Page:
Airtable, an online database service whose motto is “organize everything,” has closed a $7.6 million series A round of funding. On top of that, it has also landed a Facebook executive.

The new executive is Francis Larkin, who spent five years in various marketing roles at Facebook, most recently as director of product marketing. He led the teams responsible for the first Facebook F8 conference, for implementing the “like” button, and the recent Instant Articles project, among other projects.

Airtable is aiming at an interesting, and potentially huge, niche: people who want to organize information with greater flexibility than Excel (or Google Sheets) affords, but who aren’t ready for the complexity of a database, SQL code, Python, PHP, and the like.

Airtable is based on a proprietary relational database, its co-founder and chief executive, Howie Liu, told me — but for the most part, consumer users won’t need to worry about that. It’s got a friendly, drag-and-drop interface that makes it easy to add fields (or columns, depending on whether you’re thinking in database or spreadsheet terminology), update and add records (rows), generate reports, and more. The app works on desktop web browsers and mobile browsers with equal ease.

And, like a Google Sheets document, values are updated in real time, instantly. If you and I are sharing a database and I update it with some new information, you’ll see the new data immediately, with no need to refresh.

Unlike Google Sheets, Airtable lets you easily create connections between different tables (as you can with a relational database), and you can mix and match different types of data — adding a photo field to your database alongside its text and numeric fields, for instance.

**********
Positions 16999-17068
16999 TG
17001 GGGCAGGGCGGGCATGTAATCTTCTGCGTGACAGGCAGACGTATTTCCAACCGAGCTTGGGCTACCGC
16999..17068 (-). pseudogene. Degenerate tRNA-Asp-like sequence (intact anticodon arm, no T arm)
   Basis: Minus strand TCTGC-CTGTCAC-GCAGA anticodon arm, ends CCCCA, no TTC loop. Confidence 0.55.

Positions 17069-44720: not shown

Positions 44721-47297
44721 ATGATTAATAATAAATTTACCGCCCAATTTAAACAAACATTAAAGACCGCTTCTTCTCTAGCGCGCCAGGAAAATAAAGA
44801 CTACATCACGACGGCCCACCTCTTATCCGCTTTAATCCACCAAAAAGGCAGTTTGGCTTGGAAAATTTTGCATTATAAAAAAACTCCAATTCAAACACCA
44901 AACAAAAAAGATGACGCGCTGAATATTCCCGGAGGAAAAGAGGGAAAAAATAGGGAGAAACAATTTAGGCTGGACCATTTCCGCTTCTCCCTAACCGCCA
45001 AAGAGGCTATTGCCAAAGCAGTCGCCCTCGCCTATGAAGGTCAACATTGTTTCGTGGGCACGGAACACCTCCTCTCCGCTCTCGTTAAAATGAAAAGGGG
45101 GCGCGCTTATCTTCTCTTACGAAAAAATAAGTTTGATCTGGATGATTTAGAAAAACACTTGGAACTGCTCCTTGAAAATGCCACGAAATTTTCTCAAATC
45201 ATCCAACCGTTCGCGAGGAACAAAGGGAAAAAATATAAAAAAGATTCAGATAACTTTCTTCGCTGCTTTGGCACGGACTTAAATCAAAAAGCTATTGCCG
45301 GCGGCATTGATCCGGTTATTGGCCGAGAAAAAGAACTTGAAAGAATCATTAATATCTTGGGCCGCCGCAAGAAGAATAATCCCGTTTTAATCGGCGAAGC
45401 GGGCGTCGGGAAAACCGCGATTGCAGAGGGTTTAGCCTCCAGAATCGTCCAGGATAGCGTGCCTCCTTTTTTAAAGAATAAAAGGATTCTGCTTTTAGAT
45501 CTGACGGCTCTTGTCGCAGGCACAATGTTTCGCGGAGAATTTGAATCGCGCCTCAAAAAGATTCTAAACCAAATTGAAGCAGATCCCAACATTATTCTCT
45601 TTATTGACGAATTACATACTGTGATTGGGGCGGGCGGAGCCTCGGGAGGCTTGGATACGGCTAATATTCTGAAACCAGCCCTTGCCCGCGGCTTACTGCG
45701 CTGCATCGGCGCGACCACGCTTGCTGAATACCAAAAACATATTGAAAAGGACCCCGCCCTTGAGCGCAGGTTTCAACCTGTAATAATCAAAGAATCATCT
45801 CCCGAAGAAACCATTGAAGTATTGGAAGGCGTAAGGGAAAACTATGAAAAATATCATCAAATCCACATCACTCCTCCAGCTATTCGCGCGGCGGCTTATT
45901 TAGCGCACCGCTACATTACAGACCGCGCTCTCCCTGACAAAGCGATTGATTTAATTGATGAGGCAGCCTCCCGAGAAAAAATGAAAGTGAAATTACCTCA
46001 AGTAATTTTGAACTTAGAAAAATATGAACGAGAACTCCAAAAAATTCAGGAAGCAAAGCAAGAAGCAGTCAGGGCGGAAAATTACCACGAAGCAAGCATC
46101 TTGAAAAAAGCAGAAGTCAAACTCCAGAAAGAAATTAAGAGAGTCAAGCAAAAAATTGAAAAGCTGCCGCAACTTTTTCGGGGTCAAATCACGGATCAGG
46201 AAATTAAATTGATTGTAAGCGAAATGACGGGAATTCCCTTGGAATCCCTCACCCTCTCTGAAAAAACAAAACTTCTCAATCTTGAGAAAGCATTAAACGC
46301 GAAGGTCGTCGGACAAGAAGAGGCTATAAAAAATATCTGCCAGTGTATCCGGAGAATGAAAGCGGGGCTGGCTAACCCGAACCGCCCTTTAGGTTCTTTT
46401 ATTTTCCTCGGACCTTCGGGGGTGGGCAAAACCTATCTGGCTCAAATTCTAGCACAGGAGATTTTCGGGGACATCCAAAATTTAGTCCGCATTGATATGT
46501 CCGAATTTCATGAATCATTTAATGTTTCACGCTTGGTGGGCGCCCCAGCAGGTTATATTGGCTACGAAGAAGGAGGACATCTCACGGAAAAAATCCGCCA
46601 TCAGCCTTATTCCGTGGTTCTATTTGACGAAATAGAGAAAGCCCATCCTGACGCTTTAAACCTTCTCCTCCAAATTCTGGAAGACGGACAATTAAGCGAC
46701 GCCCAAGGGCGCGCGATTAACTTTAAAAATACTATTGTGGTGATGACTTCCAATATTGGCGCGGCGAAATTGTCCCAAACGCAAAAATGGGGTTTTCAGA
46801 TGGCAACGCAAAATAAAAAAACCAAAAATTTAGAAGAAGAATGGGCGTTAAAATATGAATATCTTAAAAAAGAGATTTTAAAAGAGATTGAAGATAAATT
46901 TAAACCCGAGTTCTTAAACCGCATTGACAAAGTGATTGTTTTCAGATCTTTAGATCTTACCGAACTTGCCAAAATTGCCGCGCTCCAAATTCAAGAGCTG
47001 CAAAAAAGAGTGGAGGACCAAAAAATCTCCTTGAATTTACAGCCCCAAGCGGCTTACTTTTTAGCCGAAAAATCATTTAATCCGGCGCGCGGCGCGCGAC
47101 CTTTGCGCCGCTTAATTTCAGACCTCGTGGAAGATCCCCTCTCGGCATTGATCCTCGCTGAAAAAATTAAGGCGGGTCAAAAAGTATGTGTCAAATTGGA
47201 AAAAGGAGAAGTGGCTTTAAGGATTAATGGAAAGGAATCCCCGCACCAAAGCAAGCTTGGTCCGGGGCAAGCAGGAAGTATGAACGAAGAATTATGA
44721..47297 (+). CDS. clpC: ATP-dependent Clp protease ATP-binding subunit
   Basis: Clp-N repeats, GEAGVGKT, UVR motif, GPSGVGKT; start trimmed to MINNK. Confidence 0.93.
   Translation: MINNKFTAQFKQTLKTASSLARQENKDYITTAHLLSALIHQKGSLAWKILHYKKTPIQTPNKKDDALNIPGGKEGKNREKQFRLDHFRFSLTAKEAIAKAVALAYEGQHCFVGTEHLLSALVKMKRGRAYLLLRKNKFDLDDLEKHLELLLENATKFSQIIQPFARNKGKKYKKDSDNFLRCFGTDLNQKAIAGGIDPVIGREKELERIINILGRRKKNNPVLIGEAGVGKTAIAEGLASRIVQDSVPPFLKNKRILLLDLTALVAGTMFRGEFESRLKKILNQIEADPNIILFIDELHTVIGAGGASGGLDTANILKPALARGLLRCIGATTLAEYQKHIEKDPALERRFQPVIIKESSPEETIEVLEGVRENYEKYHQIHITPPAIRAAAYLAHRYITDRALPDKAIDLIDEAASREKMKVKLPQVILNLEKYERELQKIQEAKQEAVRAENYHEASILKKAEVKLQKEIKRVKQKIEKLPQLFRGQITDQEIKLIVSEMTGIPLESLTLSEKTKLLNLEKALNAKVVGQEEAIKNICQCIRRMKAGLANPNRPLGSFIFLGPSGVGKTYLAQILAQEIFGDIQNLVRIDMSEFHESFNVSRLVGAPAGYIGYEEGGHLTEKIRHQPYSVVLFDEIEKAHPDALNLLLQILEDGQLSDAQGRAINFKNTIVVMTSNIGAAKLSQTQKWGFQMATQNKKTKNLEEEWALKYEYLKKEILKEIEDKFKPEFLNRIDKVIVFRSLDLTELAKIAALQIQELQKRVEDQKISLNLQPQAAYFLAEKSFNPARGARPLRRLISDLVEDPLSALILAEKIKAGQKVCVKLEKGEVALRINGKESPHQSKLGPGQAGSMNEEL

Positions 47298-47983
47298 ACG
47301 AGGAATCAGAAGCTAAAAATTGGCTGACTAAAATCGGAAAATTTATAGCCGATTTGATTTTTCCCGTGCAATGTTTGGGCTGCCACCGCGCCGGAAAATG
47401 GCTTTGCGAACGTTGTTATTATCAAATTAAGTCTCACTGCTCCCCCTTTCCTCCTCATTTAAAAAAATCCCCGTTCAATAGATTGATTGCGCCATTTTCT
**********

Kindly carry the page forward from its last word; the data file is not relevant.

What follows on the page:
The goal, Liu said, is to support the creation of “apps of emergent complexity with very simple building blocks.” In other words, you could use Airtable to create something very simple, like a list of travel destinations you’d like to visit; or something very complex, like a homegrown customer relationship management system to help your salespeople coordinate and follow up on the most promising leads at different companies. Or your database app could start simply, and grow as you add more linked tables to support your expanding needs.

Because it is a proprietary database, Airtable doesn’t support the industry-standard SQL interface out of the box. However, it plans to support interoperability and extensibility via a custom API generator, enabling the apps you create in Airtable to exchange data with other apps via RESTful API calls.

You’ll have to wait for specific integrations, however: For instance, Liu said that connections to IFTTT and Zapier are coming soon, but aren’t yet available. It does currently support Evernote, but only in a limited way: You can attach a single Evernote note to an Airtable record, but as yet there is no way to import or integrate an entire Evernote notebook.

“The software revolution has given people access to millions of specialized apps, but there’s one fundamental tool that still remains out of reach for most non-programmers — the database,” Liu wrote in a blog post to be published today.

“If we can make databases as intuitive and accessible as word processors and spreadsheets, we believe we can unlock a new type of creativity with use cases yet to be dreamed and built.”

The funding was let by Charles River Ventures, with participation from a host of angels, including Kevin Mahaffey (cofounder and CTO of Lookout). Hollywood celebrity and Silicon Valley angel investor Ashton Kutcher is also an investor.

Kutcher also backed Liu’s previous startup, Etacts, which was acquired by Salesforce.com in January 2011. Liu says that Kutcher approached him after Liu presented his startup at a Y Combinator demo day. Although Liu may have been skeptical of the actor’s tech credibility, Kutcher rapidly proved his technical chops and utility as an advisor.

“I’d put him in the top quartile of investors in terms of savviness,” Liu told me.